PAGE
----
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Program for Women in Science and Engineering

Mary Barra, CEO of General Motors, earned her Bachelor of Science degree in electrical engineering from Kettering University.

Gwynne Shotwell, president & COO of SpaceX, received her Bachelor of Science and a Master of Science in mechanical engineering and applied mathematics from Northwestern University.

Patrice Accola (left), KJWW associate principal, participated in the Fortune/U.S. State Department Global Women's Mentoring. Accola, along with KJWW President Paul VanDuyne, shared business practices with Shireen Shelleh, a Palestinian civil engineer who is a managing partner at the Center for Engineering and Planning in Palestine.

This future engineer balances engineering classes, music and golf.

Tuft Engineering undergrads show young girls that engineering can be cool.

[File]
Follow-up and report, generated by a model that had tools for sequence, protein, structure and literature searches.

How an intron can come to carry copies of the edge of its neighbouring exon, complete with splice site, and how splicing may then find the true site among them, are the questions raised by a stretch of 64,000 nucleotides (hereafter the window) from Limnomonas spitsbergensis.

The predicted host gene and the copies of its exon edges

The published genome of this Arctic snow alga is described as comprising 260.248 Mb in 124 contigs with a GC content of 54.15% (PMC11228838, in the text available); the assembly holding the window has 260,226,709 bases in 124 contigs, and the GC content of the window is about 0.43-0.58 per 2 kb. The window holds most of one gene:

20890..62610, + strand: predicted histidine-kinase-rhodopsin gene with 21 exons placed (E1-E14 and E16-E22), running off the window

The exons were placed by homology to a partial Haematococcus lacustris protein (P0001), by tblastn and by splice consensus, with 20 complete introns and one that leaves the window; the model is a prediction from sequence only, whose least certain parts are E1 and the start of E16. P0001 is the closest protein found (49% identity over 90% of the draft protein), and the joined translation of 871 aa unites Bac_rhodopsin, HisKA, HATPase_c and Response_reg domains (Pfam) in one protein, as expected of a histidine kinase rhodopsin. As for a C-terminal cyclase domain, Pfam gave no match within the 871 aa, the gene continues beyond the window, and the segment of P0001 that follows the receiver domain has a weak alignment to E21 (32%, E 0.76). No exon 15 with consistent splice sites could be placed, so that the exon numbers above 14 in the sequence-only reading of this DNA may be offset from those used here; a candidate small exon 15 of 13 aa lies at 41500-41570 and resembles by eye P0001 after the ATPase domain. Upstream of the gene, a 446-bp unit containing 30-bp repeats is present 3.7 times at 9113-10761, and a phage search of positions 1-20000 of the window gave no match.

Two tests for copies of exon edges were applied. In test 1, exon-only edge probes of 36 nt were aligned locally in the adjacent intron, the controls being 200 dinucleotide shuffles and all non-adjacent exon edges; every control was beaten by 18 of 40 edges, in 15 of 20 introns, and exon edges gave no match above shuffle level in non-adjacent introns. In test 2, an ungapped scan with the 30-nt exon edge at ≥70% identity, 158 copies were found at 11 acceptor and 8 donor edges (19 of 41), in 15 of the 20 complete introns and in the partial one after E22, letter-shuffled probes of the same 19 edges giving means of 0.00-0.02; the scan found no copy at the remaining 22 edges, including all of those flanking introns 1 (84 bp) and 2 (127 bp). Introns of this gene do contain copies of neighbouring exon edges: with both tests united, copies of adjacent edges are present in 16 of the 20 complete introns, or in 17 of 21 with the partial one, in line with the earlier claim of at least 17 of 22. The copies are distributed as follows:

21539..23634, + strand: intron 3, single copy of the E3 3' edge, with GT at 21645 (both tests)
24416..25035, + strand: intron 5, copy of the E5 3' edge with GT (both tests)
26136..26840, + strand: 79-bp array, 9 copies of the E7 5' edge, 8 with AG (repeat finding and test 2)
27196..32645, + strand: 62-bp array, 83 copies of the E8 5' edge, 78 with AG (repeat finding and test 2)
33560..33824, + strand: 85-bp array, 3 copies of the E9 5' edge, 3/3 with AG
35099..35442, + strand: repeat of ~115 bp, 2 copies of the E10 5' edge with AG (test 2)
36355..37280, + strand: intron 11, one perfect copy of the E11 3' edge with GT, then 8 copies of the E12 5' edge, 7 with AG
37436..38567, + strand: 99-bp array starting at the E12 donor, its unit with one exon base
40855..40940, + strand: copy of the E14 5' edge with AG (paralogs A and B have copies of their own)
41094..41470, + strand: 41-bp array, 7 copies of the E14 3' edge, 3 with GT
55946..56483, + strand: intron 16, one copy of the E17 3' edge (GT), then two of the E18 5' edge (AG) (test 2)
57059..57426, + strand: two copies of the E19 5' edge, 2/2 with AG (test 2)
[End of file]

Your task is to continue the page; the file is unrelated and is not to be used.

Reporting on a range of historical and contemporary female builders and designers, this educational book strives to inspire a new generation of girls in the disciplines of science, technology, engineering, and math.

Alyson Yamada is a woman with a unique story. Prior to attending Stanford, she was a dedicated ballet dancer. But due to an unfortunate injury that ended her dance career, Alyson was inspired to research something that could help her injury and decided to study mechanical engineering. She is now majoring in Biomechanical Design and Engineering, an individually designed major within the School of Engineering.

General Nadja West is the first African American two-star general in the United States Army Medical Command. Gen. West, graduated from the U.S. Military Academy with a bachelor of science in engineering and attended the George Washington University School of Medicine, where she earned a Doctorate of Medicine degree.

UC Davis' professor and biomedical engineer Kathy Ferrara was elected to the National Academy of Engineering for her contributions to the theory and applications of biomedical ultrasound technology